It's the recruiter's job to establish open and honest communication, and provide enough time and space for a candidate to think through and answer critical, but often glossed over, questions, such as:

1) Does this position truly match my skill set?

2) Is the company of interest to me?

3) Is the commute feasible/location convenient?

4) Is the salary or hourly rate in line with what I am looking for?

5) Have I asked all of the questions I have around the position/company/opportunity?

At a minimum, these are the questions that need to be answered (honestly) before accepting any position. And the right recruiter cannot only help you to answer them, but also bring insight and considerations to the table that may assist you in your decision.

What Professionalism Really Means

By Megan Greene on February 25, 2014

When I was looking for my first job out of college, the advice I received over and over again was "be professional." And, at the time, I thought "be professional" might have been code for "don't be yourself."

Now that I’m on the other side of things, I know that you can be yourself and still be professional. At Communications Collaborative, we are a tightknit, hardworking team, but we have fun. We have quirky senses of humor. However, I’ve also been at companies that are bigger and more formal.  I’ve realized that whether your company is small or large, informal or formal, there are universal professional attributes that will serve you well at any organization:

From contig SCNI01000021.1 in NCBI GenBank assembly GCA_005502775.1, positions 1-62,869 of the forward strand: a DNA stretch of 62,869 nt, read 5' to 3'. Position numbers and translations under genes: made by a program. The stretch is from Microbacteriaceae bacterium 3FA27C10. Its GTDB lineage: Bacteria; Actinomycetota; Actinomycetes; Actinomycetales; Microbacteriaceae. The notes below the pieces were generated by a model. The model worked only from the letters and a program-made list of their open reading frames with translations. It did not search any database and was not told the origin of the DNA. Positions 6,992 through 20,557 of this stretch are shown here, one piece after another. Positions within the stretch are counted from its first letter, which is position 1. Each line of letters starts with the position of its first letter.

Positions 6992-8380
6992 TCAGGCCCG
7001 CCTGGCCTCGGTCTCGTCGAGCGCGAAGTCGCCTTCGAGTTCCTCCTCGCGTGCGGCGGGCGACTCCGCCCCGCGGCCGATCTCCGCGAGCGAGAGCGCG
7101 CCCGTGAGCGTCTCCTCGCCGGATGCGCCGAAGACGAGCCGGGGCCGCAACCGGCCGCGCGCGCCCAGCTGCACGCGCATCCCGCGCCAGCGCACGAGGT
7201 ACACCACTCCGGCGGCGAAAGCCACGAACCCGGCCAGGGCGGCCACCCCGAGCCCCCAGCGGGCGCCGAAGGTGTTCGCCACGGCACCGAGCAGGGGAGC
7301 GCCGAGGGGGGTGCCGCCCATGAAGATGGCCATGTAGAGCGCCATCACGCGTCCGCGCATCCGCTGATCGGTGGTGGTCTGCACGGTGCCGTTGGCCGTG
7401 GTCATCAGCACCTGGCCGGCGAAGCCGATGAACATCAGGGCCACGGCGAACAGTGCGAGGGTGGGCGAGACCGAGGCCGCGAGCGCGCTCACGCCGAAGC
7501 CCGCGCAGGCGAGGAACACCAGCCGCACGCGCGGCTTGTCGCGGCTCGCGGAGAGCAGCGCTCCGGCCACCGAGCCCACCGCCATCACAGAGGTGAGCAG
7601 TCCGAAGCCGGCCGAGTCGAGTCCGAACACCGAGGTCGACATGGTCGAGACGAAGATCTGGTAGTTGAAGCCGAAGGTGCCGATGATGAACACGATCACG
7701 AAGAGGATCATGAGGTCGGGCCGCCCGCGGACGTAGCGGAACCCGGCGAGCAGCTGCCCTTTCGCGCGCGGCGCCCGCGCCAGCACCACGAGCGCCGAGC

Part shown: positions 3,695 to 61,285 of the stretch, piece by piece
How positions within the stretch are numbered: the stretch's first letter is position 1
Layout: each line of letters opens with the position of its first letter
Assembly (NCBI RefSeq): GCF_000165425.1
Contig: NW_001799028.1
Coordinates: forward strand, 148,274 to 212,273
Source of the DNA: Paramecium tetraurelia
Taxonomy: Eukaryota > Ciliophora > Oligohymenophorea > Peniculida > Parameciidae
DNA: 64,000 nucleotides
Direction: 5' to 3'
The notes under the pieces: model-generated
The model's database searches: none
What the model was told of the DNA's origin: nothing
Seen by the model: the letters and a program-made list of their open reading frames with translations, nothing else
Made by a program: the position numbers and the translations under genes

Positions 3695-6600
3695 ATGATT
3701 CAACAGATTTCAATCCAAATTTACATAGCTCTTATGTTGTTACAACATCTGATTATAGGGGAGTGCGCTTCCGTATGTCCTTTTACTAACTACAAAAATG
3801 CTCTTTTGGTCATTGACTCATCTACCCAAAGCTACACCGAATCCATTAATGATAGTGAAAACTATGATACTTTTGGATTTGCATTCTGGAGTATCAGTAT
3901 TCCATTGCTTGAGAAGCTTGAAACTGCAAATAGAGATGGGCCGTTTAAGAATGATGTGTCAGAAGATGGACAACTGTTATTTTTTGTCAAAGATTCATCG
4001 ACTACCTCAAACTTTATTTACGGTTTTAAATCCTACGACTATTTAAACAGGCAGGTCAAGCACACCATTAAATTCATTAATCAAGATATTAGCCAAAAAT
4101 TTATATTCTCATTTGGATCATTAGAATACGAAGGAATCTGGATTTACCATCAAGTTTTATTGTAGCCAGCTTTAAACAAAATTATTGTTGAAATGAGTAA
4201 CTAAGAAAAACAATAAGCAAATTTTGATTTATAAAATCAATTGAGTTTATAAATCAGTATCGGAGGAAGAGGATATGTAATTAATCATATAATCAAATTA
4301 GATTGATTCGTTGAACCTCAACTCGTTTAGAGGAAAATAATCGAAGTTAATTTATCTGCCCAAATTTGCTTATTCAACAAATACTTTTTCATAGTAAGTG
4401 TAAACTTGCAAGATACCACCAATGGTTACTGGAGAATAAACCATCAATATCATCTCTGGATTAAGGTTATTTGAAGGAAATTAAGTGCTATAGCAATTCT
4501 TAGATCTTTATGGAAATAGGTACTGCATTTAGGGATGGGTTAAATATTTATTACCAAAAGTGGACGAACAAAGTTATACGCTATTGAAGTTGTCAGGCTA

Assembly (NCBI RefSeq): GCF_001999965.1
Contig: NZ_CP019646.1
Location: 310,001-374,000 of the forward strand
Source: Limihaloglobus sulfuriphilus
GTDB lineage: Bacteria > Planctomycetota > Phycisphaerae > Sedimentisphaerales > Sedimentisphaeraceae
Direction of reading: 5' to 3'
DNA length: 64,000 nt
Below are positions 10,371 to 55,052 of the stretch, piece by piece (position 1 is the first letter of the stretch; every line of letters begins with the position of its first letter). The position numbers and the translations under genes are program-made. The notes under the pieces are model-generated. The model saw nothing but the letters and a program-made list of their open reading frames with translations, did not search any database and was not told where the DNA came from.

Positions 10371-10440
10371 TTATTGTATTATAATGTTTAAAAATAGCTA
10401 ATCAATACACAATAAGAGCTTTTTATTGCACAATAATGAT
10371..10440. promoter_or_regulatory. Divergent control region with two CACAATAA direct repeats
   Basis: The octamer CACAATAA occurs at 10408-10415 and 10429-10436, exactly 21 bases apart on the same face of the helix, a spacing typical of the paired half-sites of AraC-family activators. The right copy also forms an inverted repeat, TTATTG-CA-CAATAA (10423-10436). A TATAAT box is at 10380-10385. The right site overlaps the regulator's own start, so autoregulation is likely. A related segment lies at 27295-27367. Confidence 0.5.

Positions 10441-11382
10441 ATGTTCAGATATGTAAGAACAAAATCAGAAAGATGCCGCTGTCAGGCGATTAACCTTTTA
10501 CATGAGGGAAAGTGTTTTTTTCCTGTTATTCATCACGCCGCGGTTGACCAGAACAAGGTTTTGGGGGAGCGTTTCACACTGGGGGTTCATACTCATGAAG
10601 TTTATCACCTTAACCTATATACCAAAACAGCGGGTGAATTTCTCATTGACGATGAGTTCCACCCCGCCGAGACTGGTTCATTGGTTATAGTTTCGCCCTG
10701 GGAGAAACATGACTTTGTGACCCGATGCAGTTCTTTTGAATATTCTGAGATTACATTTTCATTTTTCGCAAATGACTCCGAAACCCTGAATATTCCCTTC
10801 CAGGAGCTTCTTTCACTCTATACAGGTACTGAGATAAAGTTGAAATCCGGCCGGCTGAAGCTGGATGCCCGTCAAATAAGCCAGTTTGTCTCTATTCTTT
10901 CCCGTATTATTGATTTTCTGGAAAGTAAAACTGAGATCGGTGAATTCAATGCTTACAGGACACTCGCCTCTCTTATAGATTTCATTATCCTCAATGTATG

1) Respect: I put this at number one for a reason. Respecting and listening to the opinions of others, from the CEO to peers to interns, is the pinnacle of professionalism. Taking the time to understand different points of view, and identifying compromises when needed, are key to maintaining and growing a healthy, professional workplace. Read More...

Transitioning from College Into the Real World

By Megan Greene on October 22, 2013

It’s official. I’ve been out in the working world for over a year. And from bills and waking up early to juggling priorities and finding a place to live, I feel I have grown and changed immensely. 

Here are my top three pieces of advice for any grad embarking on their first year out of college:

1. Manage Your Money. Transitioning into the real world and learning how to manage a budget for rent, groceries, utilities, and “spending money” can be a real wake-up call. Keep track of your monthly income and where you spend your money, especially if you intend to start saving (and you should). Take advantage of phone apps that track monthly spending and then figure out a savings plan. If your company offers a 401k, do it. No, seriously, do it.

2. Wear Many Hats. Starting a new job, you’re going to be asked to do many things. It’s affectionately called “wearing many hats.” And when you’re fresh out of school, there will be some tasks that you’ll be asked to do that you don’t know how to do. Or, quite frankly, that you don’t particularly want to do. Cold calling, networking, excel spreadsheets— these might be on your “I don’t think I like/get this” list.

Here’s what’s happening. Your manager wants to see what you are capable of and how willing you are to take on new challenges. Don’t be intimidated. Keep your eyes on the prize. This is the most malleable stage of your professional career. Some new things you might hate, but others you will love. Take direction and push your limits everyday. You’re building a solid foundation for your professional success and figuring out where your strengths lie.

3. Own It. Your first year out of school, you will make a lot of mistakes. Own them, learn from them, and move on. And do your best not to make the same mistake twice. Owning mistakes makes you a better coworker, and just plain better. You will earn the respect and trust of colleagues if you can accept a mistake and demonstrate that you are smarter because of it.

So, good luck to anyone starting their first post-grad year! Take in every fun, crazy, challenging, exciting minute of it!